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Stocks Drop 4%, Dow Skids 500, Led by Banks

Stocks finished near session lows in choppy trading Wednesday, with the Dow and S&P wiping out all of the previous session's gains led by financials, as investors continued to cautiously monitor developments in the European banks.

The Dow Jones Industrial Average tumbled 519.83 points, or 4.62 percent, to finish at 10,719.94, wiping out the previous session's 429-point rally. The blue-chip index has had triple-digit moves in four of the last five trading days.

The Dow has now lost over 2,000 points, or nearly 16 percent, in the last 14 trading sessions (or since the close on Jul. 21). It’s the Dow’s worst 14-day decline since March 2009.

Disney and BofA led the blue-chip decliners.

The S&P 500 lost 51.77 points, or 4.42 percent, to close at 1,120.76.

The Nasdaq dropped 101.47 points, or 4.09 percent, to end at 2,381.05.

Both the S&P and Nasdaq have shed almost 17 percent over the past 13 trading sessions (or since the close on Jul. 13), which is the worst 13-day drop since Mar. 2009 and Nov. 2008, respectively.

The CBOE Volatility Index, widely considered the best gauge of fear in the market, soared more than 20 percent.

Volume was heavy again with the consolidated tape of the NYSE at 7.91 billion shares, while 2.14 billion shares changed hands on the floor.

“In the long run, [volatility] is something we’re going to have to get used to until we get two things answered: One is the once-and-for-all solution to the euro zone debt crisis and the other is political consensus in Washington,” Art Hogan, managing director of Lazard Capital Markets told CNBC.

On Tuesday, stocks surged to see its biggest one-day gain since May 2010in wild day of trading even after the Federal Reserve's statement promising to hold interest rates at their current low level for the next two yearsdid little to alleviate fears over the economy.

According to a Reuters poll, economists saw odds of around one-in-three that the U.S. will slip back into recession, heightening expectations the Fed will launch another round of monetary easing.

Goldman Sachs also reviewed its position on monetary stimulus, saying there is a chance that the Fed will resume quantitative easing later this year or in early 2012.

Financials led the market lower, dropping more than 7 percent—Bank of America plunged 10 percent after the financial giant agreed to sell part of its home-loan portfolio to Fannie Mae in an effort to shed assets and pare its exposure to an array of mortgage woes, according to the Wall Street Journal. Meanwhile, at least two brokerages cut their price targets on the firm. BofA has plunged over 15 percent over the last week.

Rivals Citigroup , Goldman Sachs and Morgan Stanley also plunged nearly 10 percent each.

Meanwhile, Bank of New York Mellon said it is cutting 1,500 jobs as part of the bank's expense-reduction program.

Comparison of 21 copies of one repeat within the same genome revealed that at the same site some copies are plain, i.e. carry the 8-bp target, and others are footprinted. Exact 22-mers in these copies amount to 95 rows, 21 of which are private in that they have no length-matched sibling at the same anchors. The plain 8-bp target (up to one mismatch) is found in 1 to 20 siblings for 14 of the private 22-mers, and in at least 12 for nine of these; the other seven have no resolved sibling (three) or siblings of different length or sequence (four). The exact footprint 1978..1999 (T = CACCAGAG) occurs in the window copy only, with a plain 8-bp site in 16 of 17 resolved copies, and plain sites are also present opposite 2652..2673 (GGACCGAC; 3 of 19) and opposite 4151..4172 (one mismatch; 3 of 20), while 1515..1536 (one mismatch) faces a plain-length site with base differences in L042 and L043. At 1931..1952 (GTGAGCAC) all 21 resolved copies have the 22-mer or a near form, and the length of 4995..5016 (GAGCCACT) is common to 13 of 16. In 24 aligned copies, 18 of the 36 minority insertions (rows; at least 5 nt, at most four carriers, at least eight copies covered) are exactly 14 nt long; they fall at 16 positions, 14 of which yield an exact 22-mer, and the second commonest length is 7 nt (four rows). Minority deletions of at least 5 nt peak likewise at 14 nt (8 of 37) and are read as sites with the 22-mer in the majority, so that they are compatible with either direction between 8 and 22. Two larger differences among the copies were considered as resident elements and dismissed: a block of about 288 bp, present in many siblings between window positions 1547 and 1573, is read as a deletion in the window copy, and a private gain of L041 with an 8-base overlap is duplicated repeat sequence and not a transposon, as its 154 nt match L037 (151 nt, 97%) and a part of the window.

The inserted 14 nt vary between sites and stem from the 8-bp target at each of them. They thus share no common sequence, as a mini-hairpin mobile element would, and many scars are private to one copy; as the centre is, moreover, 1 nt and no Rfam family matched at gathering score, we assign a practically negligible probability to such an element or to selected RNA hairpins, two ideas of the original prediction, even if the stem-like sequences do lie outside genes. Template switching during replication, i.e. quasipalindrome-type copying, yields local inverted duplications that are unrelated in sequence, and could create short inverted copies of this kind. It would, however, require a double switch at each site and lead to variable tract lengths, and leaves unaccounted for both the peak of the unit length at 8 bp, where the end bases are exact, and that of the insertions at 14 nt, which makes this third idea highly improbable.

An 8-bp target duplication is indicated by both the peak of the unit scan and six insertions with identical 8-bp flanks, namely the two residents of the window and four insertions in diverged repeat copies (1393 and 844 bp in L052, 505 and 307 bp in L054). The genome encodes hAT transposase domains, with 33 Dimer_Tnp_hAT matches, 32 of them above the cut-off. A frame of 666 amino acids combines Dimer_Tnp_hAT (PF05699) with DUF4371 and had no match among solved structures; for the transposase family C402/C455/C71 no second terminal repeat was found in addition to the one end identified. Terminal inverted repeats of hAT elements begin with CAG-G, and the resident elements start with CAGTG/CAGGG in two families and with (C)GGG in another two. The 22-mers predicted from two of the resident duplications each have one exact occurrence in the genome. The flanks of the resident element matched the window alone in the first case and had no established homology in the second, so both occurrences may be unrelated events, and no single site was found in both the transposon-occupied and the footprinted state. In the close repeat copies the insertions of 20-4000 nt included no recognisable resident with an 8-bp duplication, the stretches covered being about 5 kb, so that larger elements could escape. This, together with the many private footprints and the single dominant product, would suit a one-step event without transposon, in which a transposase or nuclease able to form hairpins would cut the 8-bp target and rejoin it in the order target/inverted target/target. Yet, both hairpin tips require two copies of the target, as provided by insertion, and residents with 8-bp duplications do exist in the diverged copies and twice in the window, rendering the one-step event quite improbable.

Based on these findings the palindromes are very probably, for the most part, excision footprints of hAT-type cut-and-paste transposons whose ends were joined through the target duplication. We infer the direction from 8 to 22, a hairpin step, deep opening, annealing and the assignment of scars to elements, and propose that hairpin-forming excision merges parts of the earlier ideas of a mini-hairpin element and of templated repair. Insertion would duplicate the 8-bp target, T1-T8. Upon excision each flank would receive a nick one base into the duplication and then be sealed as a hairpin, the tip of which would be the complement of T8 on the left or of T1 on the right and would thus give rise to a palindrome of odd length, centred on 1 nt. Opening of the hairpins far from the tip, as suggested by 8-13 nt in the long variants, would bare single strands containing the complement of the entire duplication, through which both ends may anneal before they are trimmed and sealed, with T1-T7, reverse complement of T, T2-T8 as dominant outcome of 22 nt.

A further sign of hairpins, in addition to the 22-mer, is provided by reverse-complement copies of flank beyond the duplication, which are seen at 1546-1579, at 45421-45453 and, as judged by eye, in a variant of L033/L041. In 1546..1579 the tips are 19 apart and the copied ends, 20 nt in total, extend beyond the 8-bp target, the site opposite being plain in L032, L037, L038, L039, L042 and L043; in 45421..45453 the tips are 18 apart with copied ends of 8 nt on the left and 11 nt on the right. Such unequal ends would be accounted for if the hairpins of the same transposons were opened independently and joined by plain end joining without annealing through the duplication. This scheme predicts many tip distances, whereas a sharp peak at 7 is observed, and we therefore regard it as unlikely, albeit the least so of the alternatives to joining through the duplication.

HSBC confirmed it was selling its $30 billion U.S. credit card arm to Capital One Financial for a premium of $2.6 billion, as Europe's top bank streamlines its operations by getting rid of unwanted businesses.

European shares tumbled sharply, led by steep declines in French banks. Societe Generale and BNP Paribas plummeted amid rumors that France might lose its AAA rating. Meanwhile, Moody's reiterated its AAA rating on France and maintained its stable outlook on the country.

Meanwhile, JPMorgan CEO Jamie Dimon said he "is comfortable" with his firm's exposure in Europe and reassured investors that while U.S. banks may be facing numerous headwinds, they are not "zombies."

"Honestly, most of that stuff is hogwash," Dimon told CNBC, referring to well-known analyst Meredith Whitney's comments that large financials are "turning into zombies" because they have little net worth but are backed by the government and continue to meet their obligations.

Gold prices soaredtobriefly surpass $1,800 an ounce. (Read More: What's the Best Way to Invest in Gold?)

On the earnings front, Disney dropped almost 10 percent even after the conglomerate beat both profit and revenue expectations. In addition, at least four brokerages cut their price targets on the firm.

Macy's finished lower after the department-store chain reported a higher-than-expected profitand raised its earnings forecast. Meanwhile, Polo Ralph Lauren was among the few gainers on the S&P 500 after the retailer said its earnings surged on better-than-expected sales overseas.

Tech bellwether Cisco and media giant NewsCorp are slated to post earnings after-the-bell tonight.

Treasury prices gainedafter the government auctioned $24 billion in 10-year notes at a high yield of 2.140 percent and a bid-to-cover of 3.22. The government is scheduled to auction $16 billion in 30-year bonds on Thursday.

On the economic front, wholesale inventories posted their smallest gain in seven months as sales rebounded more than expected, according to the Commerce Department.

And weekly mortgage applications gained last weekas interest rates plunged to their lowest level in 2011, according to the Mortgage Bankers Association.

—Follow JeeYeon Park on Twitter: twitter.com/JeeYeonParkCNBC—

Coming Up This Week:

THURSDAY: International trade, jobless claims, 30-yr bond auction, money supply; Earnings from Kohl's, Nordstrom, Nvidia
FRIDAY: Retail sales, consumer sentiment, business inventories; Earnings from JCPenney

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